2. Krogh C, Gillis L, Kouwen N, Aramini J. WindVOiCe, a self-reporting survey: adverse health effects, industrial wind turbines, and the need for vigilance monitoring. Bull Sci Tech Soc 2011;31:334-9. [link]
3. Phillips C. Properly interpreting the epidemiologic evidence about the health effects of industrial wind turbines on nearby residents. Bull Sci Tech Soc 2011;31:303-8. [link]
4. Pedersen E, Persson Waye K. Perception and annoyance due to wind turbine noise—a dose-response relationship. J Acoust Soc Am 2004;116:3460-70. [link]
5. Pedersen E, van den Berg F, Bakker R, Bouma J. Can road traffic mask sound from wind turbines? Response to wind turbine sound at different levels of road traffic sound. Energy Policy 2010;38:2520-7. [link]
6. Bray W, James R. Dynamic measurements of wind turbine acoustic signals, employing sound quality engineering methods considering the time and frequency sensitivities of human perception. Proceedings of Noise-Con 2011, Portland, Oregon, 25-27 July 2011. Curran Associates, 2011. [link]
7. Møller M, Pedersen C. Low frequency noise from large wind turbines. J Acoust Soc Am 2010;129:3727-44. [link]
8. Salt A, Kaltenbach J. Infrasound from wind turbines could affect humans. Bull Sci Tech Soc 2011;31:296-303. [link]
9. Van den Berg G, Pedersen E, Bouma J, Bakker R. Project WINDFARMperception. Visual and acoustic impact of wind turbine farms on residents. FP6-2005-Science-and-Society-20. Specific support action project no 044628, 2008. www.rug.nl/wewi/deWetenschapswinkels/natuurkunde/publicaties/WFp-final-1.pdf.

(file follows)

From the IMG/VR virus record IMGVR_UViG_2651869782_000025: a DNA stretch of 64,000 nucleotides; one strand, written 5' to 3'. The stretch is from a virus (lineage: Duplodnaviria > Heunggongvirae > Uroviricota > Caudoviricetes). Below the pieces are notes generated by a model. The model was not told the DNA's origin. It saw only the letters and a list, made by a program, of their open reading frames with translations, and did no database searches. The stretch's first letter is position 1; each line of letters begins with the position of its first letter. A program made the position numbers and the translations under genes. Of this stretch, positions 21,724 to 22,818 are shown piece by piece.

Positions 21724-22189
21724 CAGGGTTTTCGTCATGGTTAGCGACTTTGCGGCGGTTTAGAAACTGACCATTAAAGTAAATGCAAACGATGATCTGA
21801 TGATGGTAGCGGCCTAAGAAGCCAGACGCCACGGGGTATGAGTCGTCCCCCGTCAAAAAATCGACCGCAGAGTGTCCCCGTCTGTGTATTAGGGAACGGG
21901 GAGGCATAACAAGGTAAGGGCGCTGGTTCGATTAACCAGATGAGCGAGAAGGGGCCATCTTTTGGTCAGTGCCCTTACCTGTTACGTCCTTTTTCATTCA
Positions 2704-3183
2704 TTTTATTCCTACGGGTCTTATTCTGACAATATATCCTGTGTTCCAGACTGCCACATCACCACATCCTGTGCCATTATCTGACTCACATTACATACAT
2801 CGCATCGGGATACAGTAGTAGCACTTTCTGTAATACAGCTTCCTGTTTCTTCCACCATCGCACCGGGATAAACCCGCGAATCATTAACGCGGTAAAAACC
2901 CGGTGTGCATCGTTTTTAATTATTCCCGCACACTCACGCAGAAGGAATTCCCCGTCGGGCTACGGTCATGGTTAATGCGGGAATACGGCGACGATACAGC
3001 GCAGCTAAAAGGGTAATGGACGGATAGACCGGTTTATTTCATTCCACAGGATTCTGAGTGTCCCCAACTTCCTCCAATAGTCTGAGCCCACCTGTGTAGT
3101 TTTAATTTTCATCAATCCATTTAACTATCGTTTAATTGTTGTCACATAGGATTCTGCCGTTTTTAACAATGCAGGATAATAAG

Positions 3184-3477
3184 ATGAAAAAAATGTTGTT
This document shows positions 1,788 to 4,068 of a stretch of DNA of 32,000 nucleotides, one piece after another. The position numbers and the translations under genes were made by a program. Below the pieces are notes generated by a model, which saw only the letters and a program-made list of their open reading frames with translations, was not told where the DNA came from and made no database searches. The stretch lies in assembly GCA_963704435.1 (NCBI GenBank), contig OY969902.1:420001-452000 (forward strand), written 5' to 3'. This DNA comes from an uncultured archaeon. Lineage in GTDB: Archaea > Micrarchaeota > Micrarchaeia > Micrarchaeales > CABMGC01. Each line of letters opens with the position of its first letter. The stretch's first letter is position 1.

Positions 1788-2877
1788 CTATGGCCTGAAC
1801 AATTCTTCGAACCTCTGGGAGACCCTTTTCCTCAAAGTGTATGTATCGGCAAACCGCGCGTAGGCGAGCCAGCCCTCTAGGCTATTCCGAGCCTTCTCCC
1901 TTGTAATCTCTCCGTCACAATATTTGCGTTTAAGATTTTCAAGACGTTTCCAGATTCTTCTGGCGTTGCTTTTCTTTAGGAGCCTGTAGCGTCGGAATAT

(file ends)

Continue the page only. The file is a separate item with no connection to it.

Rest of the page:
10. Pedersen E. Effects of wind turbine noise on humans. Proceedings of the Third International Meeting on Wind Turbine Noise, Aalborg Denmark 17-19 June 2009. www.confweb.org/wtn2009/. [link]
11. Nissenbaum M, Aramini J, Hanning C. Adverse health effects of industrial wind turbines: a preliminary report. Proceedings of 10th International Congress on Noise as a Public Health Problem (ICBEN), 2011, London, UK. Curran Associates, 2011. [link]
12. Shepherd D, McBride D, Welch D, Dirks K, Hill E. Evaluating the impact of wind turbine noise on health related quality of life. Noise Health 2011;13:333-9. [link]
This article is the work of the author(s) indicated. Any opinions expressed in it are not necessarily those of National Wind Watch.
|Wind Watch relies entirely
on User Contributions